The site, which incorporates a new look for the 40th anniversary, is rapidly becoming a key reference for contemporary fiction. It includes Perspective, an online magazine, featuring Q&A interviews, written pieces and a Literary Calendar.

41 authors have won the prize since it launched in 1969 because in 1974 and 1992 there were two winners. From 1993 onwards the rules stipulated that there could only be one winner every year.

The Advisory Committee, which advises on any changes to the rules and on the selection of the judges, represents all sides of the book world. Its members are: Ion Trewin (Administrator, Man Booker Prizes); Richard Cable, publisher; Mark Chilton, Company Secretary, Booker Ltd; Jonathan Douglas, Director of the National Literacy Trust; Victoria Glendinning, writer; Basil Comely, BBC TV; Derek Johns, Managing Director, AP Watt; Gerry Johnson, Managing Director, Waterstone’s; Peter Clarke, Chief Executive, Man Group plc; Fiammetta Rocco, literary editor, The Economist (Man Booker International Prize administrator); Eve Smith (Company Secretary, the Booker Prize Foundation); and Erica Wagner, literary editor, The Times.

The Booker Prize Foundation is a registered charity (no 1090049) which, since 2002, has been responsible for the award of the prize. The trustees of the Booker Prize Foundation are former Chairman of Booker plc, Jonathan Taylor CBE (Chair); Lord Baker of Dorking CH; former Man Booker Prize administrator, Martyn Goff CBE; playwright and President of the Royal Literary Fund, Ronald Harwood CBE; former Chair of the British Council, Baroness Kennedy QC; writer, Baroness Neuberger DBE; MEP Baroness Nicholson of Winterbourne; and former Finance Director of Rentokil plc, Christopher Pearce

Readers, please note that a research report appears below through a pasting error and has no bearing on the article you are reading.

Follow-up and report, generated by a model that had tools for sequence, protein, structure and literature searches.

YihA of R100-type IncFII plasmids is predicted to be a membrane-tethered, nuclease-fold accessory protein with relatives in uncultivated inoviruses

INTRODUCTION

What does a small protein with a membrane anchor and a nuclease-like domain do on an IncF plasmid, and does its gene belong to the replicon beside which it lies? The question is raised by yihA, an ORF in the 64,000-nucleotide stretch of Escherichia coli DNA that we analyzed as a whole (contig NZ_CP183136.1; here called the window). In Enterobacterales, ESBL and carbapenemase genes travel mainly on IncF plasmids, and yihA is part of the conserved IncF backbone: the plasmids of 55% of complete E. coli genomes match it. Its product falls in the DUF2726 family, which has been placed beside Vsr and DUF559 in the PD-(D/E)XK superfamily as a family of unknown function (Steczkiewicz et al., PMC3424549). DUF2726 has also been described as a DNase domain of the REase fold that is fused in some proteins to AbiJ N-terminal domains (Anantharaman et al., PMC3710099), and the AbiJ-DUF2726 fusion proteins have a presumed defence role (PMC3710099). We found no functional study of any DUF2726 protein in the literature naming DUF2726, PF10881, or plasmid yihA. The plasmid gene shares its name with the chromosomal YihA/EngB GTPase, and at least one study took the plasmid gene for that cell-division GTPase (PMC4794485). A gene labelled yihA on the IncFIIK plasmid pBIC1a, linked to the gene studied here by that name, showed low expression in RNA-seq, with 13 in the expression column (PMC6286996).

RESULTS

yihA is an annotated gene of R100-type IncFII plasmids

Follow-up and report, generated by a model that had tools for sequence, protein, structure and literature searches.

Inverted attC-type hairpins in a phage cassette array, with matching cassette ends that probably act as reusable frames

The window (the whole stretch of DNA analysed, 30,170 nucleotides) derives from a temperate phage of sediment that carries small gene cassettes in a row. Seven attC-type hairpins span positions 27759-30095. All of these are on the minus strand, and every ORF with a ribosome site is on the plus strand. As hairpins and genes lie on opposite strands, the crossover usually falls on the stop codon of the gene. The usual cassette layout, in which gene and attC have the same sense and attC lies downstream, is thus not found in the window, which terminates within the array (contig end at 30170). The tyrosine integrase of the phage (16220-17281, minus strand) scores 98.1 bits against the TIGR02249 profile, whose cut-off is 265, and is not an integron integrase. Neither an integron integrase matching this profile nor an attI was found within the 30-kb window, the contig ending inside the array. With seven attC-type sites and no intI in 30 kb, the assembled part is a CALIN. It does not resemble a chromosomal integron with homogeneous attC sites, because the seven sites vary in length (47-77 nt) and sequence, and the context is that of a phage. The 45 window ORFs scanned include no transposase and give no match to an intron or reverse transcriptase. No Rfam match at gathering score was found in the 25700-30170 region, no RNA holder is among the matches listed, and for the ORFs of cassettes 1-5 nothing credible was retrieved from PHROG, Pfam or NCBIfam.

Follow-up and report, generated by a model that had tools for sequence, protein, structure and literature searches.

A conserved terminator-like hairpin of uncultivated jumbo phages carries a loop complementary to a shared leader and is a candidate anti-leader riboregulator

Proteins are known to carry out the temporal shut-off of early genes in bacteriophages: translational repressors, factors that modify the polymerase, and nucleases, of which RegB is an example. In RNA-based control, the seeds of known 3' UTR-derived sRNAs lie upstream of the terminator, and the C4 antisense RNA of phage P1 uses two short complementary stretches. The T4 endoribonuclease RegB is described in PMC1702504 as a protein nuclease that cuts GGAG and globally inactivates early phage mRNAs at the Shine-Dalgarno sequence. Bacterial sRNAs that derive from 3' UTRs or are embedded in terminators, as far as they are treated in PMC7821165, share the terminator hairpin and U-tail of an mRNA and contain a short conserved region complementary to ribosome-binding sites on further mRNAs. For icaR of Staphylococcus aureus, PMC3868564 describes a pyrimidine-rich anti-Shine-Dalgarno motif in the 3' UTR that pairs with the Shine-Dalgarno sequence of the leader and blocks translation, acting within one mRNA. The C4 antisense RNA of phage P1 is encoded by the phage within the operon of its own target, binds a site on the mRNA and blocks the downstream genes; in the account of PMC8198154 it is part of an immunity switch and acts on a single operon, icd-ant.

Man Group plc is a leading global provider of alternative investment products and solutions for private and institutional investors worldwide, designed to deliver absolute returns with low correlation to equity and bond market benchmarks. Man has a 20-year track record in this field supported by strong product development and structuring skills, and an extensive investor service and global distribution network. The Group employs 1,600 people in 13 countries, with key centres in London and Pfäffikon (Switzerland), and offices in Chicago, Dubai, Hong Kong, Montevideo, Nassau, New York, Singapore, Sydney, Tokyo and Toronto. Man Group plc is listed on the London Stock Exchange (EMG) and is a constituent of the FTSE 100 Index. Further information on the Man Group can be found at and